Nursery Management

How One Nursery is Making Childcare Affordable

As the cost of a regular nursery place continues to rise, TEY spoke to one setting seeking to make early education available to as many parents as possible…

In these times of economic struggle, rising costs and falling wages, the question of how to make childcare affordable for parents has become an increasingly pressing one. Earlier this year, the Daycare Trust and Family and Parenting Institute’s annual Childcare Costs Survey showed the price of childcare rising at more than six per cent across the board – more than double the rate of inflation. A full-time place for a 0–2-year-old, it reported, now stands at £11,000 per year. At the time of writing, a consultation on the government’s Tax-free Childcare Scheme is nearing its conclusion, but with the scheme somewhat limited in scope, and parents having to wait until autumn 2015 for its introduction, most would agree that other solutions are needed if a difference is going to be made.

For some in the early years sector, it’s a problem that they feel they can help tackle. Two issues ago James Boddey of Busy Bodies Childcare in Ludlow highlighted his setting’s flexible approach to sessions, allowing parents to pay only for the hours they require rather than the traditional morning, afternoon or full day. Others, like Broad Oaks Nurseries in Bolton, are trying something different.

Point your browser in the direction of and you’ll find a home page highlighting the provider’s reduced fees, and in particular the promise of a full-time nursery place for 3–5-year-olds for just £60 per week in term time. “We wanted to make an impression, and we wanted to make full-time childcare affordable for parents,” explains Stuart Heathcote, a partner in a business comprising two nurseries – one offering 35 places and the other 12, though plans are in place to expand. “We found that we were getting very few requests for full-time places; the numbers declined over the years to the point where we had only three or four children who were in all week. So we thought, let’s try to get these children in full time by offering a cheaper price.”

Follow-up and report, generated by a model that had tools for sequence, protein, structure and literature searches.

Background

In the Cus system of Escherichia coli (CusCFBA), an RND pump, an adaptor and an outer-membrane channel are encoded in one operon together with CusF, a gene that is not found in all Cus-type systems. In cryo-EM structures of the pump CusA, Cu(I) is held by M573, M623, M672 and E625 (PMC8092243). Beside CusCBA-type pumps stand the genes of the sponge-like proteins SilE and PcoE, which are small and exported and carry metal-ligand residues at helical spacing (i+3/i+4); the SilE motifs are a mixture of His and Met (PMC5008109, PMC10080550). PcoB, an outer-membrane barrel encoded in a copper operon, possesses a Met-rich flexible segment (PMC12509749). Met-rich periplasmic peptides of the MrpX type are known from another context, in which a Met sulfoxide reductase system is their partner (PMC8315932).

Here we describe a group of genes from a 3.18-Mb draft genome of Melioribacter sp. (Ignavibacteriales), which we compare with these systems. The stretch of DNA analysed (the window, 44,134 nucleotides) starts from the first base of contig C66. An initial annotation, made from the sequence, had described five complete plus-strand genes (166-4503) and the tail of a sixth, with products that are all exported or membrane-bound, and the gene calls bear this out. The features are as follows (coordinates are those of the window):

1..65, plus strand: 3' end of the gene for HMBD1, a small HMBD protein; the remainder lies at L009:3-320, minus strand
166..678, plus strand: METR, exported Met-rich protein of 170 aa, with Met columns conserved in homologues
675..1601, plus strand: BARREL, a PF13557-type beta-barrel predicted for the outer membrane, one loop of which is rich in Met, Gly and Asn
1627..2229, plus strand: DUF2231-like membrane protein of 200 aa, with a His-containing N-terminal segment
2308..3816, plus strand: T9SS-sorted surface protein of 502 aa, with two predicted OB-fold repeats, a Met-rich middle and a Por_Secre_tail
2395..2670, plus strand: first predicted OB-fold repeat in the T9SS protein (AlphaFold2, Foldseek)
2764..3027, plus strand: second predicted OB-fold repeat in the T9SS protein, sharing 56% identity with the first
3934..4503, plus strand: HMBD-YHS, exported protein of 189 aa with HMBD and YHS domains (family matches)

With demand for the government-funded 15 hours intact, the decision was made to significantly reduce fees for full-time bookings. The quoted £60 figure is supplemented by the government’s funding for three- and four-year- olds, representing a combined fee of £120 per full-time week, a £50 reduction on the previous figure of £170 per full-time week.

The primary motivation behind the move, Stuart explains, is not the financial betterment of the nursery – at least not in the short term. “In terms of our business, getting more children in won’t mean a great difference for us financially,” he explains. “We might benefit a little bit, but as we will need more staff in at certain times, we will probably find that our situation is about the same. As we expand, however, and we’re able to get more children in, it might benefit us more – that’s the hope anyway.”

In the here and now what Stuart points to instead is a desire to support parents struggling to find work, and children whose opportunities to access early education may well be limited as a result. “Our thinking is that we can give a lot more parents the opportunity to afford full-time childcare, and therefore hopefully give them a better lifestyle – the chance to have a job, a career. That’s the main motivation behind it really,” he says. “At the same time, the more time the children spend with us, the more we can do with them. It will mean a far more consistent OAP routine for key-workers and other members of staff, meaning they can gain a better picture of each child’s development and pick up on any problems that may occur far sooner.”

It’s still early days for Broad Oaks’ plan; time will tell what difference the incentive they’re offering parents will have, though early feedback has been positive. But Stuart views this approach as an opportunity, not a risk: “At the end of the day, we can still profit – as a business model this still works,” he says. “Even if it doesn’t have the effect we’re hoping for, we’ve got nothing to lose – we’re struggling to get these children in anyway. But hopefully, in the long term it will advantage us and advantage parents, and the children too.”

This article was first published in 2013. Broad Oaks’ settings are based in Bolton in Greater Manchester. Visit